With such a large portion of business being conducted over the Internet and the use of such a wide variety of technology to do so, web attacks are becoming commonplace. Many attacks have become sophisticated enough that they are virtually undetectable by the average user. The following are five examples of common Web attacks being found by IT support professionals.
Commonly called “clickjacking” or “likejacking”, hackers design an invisible frame that takes the end user’s mouse action to allow installation of malware. Some instances use a spyware protection window that suggests the user “click here” to remove detected threats or the malware can be buried in a social post, such as a video on Facebook for which users click the “like” button.
Drive By Downloads
This form of Web attack is more dangerous than most because it does not require any action on behalf of the user for it to occur. Often hidden within respectable sites, hackers take advantage of vulnerabilities within the Web to insert malicious code which is then launched due to vulnerabilities in the browser software being used.
As you may have read in the news, thousands of passwords worldwide have been hacked, leaving sensitive information vulnerable to theft. Hackers are becoming more proficient at creating programs designed to run dictionary words and common combinations against passwords; they can scan through thousands in just minutes. In order to protect your sensitive information from these online thieves and increase systems security, it is critical to develop unique passwords for every application or website you log in to. How strong are your passwords? Will they stand up to the programs hackers are developing?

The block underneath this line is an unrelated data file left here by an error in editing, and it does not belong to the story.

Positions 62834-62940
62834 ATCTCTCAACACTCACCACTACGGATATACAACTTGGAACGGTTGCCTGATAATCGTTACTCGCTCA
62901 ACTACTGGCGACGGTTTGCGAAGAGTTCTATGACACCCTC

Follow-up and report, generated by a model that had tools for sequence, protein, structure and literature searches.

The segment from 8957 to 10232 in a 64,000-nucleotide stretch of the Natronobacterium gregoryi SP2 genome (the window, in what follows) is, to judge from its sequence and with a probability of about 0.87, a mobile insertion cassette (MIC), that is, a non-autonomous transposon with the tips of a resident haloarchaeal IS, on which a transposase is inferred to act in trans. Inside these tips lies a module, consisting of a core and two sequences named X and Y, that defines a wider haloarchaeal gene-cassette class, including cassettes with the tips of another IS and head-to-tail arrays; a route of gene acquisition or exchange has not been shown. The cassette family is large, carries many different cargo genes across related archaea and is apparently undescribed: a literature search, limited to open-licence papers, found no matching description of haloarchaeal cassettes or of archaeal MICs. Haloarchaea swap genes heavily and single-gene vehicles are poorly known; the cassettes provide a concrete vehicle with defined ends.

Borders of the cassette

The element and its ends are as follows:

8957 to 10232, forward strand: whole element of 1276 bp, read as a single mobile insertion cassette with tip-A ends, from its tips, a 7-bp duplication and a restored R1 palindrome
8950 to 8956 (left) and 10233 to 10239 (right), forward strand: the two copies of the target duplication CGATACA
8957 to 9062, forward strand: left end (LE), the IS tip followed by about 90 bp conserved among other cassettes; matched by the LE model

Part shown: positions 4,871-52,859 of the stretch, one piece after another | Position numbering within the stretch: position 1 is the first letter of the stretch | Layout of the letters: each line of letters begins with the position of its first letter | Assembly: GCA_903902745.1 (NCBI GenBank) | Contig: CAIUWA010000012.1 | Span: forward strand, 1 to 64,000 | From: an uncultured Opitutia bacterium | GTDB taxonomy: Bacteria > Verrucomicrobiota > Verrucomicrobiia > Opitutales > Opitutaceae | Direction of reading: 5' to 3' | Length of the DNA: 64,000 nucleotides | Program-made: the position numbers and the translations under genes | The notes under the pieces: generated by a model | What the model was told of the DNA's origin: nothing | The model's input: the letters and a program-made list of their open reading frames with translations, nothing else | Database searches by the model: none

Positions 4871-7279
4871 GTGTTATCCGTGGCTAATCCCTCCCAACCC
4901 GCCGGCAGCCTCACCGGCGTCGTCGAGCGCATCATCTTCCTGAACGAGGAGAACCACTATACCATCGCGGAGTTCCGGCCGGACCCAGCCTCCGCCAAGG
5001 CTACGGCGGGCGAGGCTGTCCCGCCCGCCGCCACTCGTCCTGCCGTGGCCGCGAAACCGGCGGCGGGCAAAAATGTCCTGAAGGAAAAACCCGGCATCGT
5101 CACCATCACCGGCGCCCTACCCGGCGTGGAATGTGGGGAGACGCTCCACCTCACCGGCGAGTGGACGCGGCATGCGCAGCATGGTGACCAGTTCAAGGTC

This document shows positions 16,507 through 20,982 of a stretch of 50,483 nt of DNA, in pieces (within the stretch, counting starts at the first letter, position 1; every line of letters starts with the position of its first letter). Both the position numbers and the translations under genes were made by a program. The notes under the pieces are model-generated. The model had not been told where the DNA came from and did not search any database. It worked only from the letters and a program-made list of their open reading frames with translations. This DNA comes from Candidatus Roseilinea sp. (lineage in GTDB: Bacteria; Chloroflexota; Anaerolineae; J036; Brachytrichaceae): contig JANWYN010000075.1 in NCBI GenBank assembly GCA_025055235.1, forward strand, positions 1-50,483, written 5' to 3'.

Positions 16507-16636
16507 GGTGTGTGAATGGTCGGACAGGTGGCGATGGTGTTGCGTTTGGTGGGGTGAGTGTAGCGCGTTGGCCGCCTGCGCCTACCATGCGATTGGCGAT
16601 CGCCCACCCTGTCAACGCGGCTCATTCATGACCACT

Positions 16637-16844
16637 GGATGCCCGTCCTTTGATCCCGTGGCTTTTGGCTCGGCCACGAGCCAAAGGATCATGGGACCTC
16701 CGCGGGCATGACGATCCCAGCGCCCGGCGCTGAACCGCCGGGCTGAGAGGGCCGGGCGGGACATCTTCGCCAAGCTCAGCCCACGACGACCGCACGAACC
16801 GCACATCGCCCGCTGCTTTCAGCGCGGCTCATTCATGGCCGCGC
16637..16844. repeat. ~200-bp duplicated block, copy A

A common mistake people make is choosing what they believe is a difficult password and using it for all of their applications and sites. While it may be somewhat tedious, creating a unique password for each instance is extremely important to protect your data. Should a hacker manage to figure out the password you use for everything you do online, they will have a wealth of sensitive information about you including but not limited to banking information,
You can keep your company’s data well protected with Remote Backup. Secure passwords are also important, whether at work or at home.
More of our everyday life, from shopping to banking, from paying bills to playing games, is done online. Trying to keep track of a dozen complex passwords, however, is the digital equivalent of herding cats.
The one-person, one-password approach is not the answer. If hackers get that password, they get them all.
There are better strategies for password security:
1. Password vaulting. A master password gives you access to an encrypted database containing all of your passwords. There are several popular vaults, some are free downloads, and many can automatically fill in your password information when you are online.
2. Make a list. Create a password-protected Microsoft Word document or Excel spreadsheet. This way you only have to remember one password.
3. Write it on paper.